PERSPECTIVE: Cannes circus could learn from Wieden's understated advice

Expense claim for creative director, week commencing 18 June:



1 return BA business class to Nice;



27 bottles of rose wine;



15 packs of cigarettes;



80 beers @ Martinez price;



18 bottles of Champagne @ Martinez price;



42 gin and tonics @ Martinez price;



4 lunches at the Majestic Beach;



3 return taxis to St Paul de Vence;



4 nights at the Carlton;



1 helicopter ride.



All in all a grand total of pounds 9,602. Ridiculous, isn't it?

Everyone's beaten to a pulp by redundancies and budget cuts and you

still need almost ten grand to match everyone else's four days on the

Cote d'Azur. As I write this it's too early to know the film winners,

but if John West's "bear" commercial by Leo Burnett doesn't bag a Lion

or even the Grand Prix, there's no justice in the world.



From one ridiculous party to a man who, in his own words, is no party

animal. Dan Wieden, interviewed in this week's issue, is a walking

embodiment of two of the secrets of successful agencies. First, all of

them are, or have been, led by people who make the bearer of bad tidings

feel intimidated - including the journalist who wants to ask the tricky

question, and especially the client who wants to fire them.



The calm certainty with which these people discuss their principles -

and, yes, they are all riddled with them - renders it almost impossible

to contradict them without losing one's composure. It is an effect that

I'm sure is unintentional, but it is nevertheless incredibly potent.



The other thing that unites these people is that they are not afraid of

failure. In Wieden's case, he realises that his desire to avoid being a

coloured pin on somebody's corporate world map makes him likely to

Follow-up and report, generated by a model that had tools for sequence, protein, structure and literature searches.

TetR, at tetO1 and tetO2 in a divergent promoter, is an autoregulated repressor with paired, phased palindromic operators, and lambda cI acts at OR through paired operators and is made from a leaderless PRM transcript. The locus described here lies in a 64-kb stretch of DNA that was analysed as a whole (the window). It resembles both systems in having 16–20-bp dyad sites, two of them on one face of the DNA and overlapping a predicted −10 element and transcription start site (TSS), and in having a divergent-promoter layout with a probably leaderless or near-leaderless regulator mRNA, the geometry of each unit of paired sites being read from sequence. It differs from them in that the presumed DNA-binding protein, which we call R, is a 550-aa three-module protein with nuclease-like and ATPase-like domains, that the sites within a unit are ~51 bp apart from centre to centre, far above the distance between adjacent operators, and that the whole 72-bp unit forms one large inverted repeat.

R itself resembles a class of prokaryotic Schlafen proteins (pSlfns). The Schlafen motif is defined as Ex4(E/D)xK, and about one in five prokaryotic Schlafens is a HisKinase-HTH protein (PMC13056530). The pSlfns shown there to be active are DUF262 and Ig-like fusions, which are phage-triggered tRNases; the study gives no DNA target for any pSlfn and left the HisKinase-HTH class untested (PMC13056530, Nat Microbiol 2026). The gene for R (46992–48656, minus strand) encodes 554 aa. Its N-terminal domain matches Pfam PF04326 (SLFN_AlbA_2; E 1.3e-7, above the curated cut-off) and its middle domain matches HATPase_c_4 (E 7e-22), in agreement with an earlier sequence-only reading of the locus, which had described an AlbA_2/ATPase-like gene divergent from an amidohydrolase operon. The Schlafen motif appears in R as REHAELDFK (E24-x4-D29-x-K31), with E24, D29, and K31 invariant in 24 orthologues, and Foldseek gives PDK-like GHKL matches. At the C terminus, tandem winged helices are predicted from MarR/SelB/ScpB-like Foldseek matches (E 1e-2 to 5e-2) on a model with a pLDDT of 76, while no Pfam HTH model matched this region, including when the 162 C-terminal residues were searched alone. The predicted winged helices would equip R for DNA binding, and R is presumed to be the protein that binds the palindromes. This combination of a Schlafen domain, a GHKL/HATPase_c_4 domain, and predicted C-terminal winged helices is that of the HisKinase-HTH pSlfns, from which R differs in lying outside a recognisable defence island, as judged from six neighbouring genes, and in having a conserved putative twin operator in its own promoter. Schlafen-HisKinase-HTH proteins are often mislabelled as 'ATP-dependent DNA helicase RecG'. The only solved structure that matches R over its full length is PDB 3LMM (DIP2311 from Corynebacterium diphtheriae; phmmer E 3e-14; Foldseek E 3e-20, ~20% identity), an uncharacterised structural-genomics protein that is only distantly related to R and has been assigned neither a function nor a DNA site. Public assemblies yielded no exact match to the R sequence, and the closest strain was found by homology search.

remain niche. But where other agencies leave risk-taking to rinky-dink

advertisers with tiny budgets (and conveniently forget the risk and

waste involved in running advertising that is either not noticed or

actively disliked), he takes risks on big clients and lives with the

consequences. He seems actively to encourage failure with his talk of

tension sparking creativity.



Wieden's mission to help big companies to listen to a new kind of

consumer makes more sense then ever. Everyone in this business ought to

be acquainted with the Cluetrain Manifesto. It consists of 95 theses

embodying the voice of a new kind of consumer, one who is media savvy

and angry as hell. For them, markets consist of human beings, not

demographic sectors. If you want them to talk to you, tell them

something, make it interesting.



In the scheme of things, with everyone bracing themselves for worse

economic times and even those agencies who do not usually make

redundancies being forced to cut staff, Cannes seems to take on a new

insignificance and the words of Wieden and the Cluetrain Manifesto

assume greater importance than ever.



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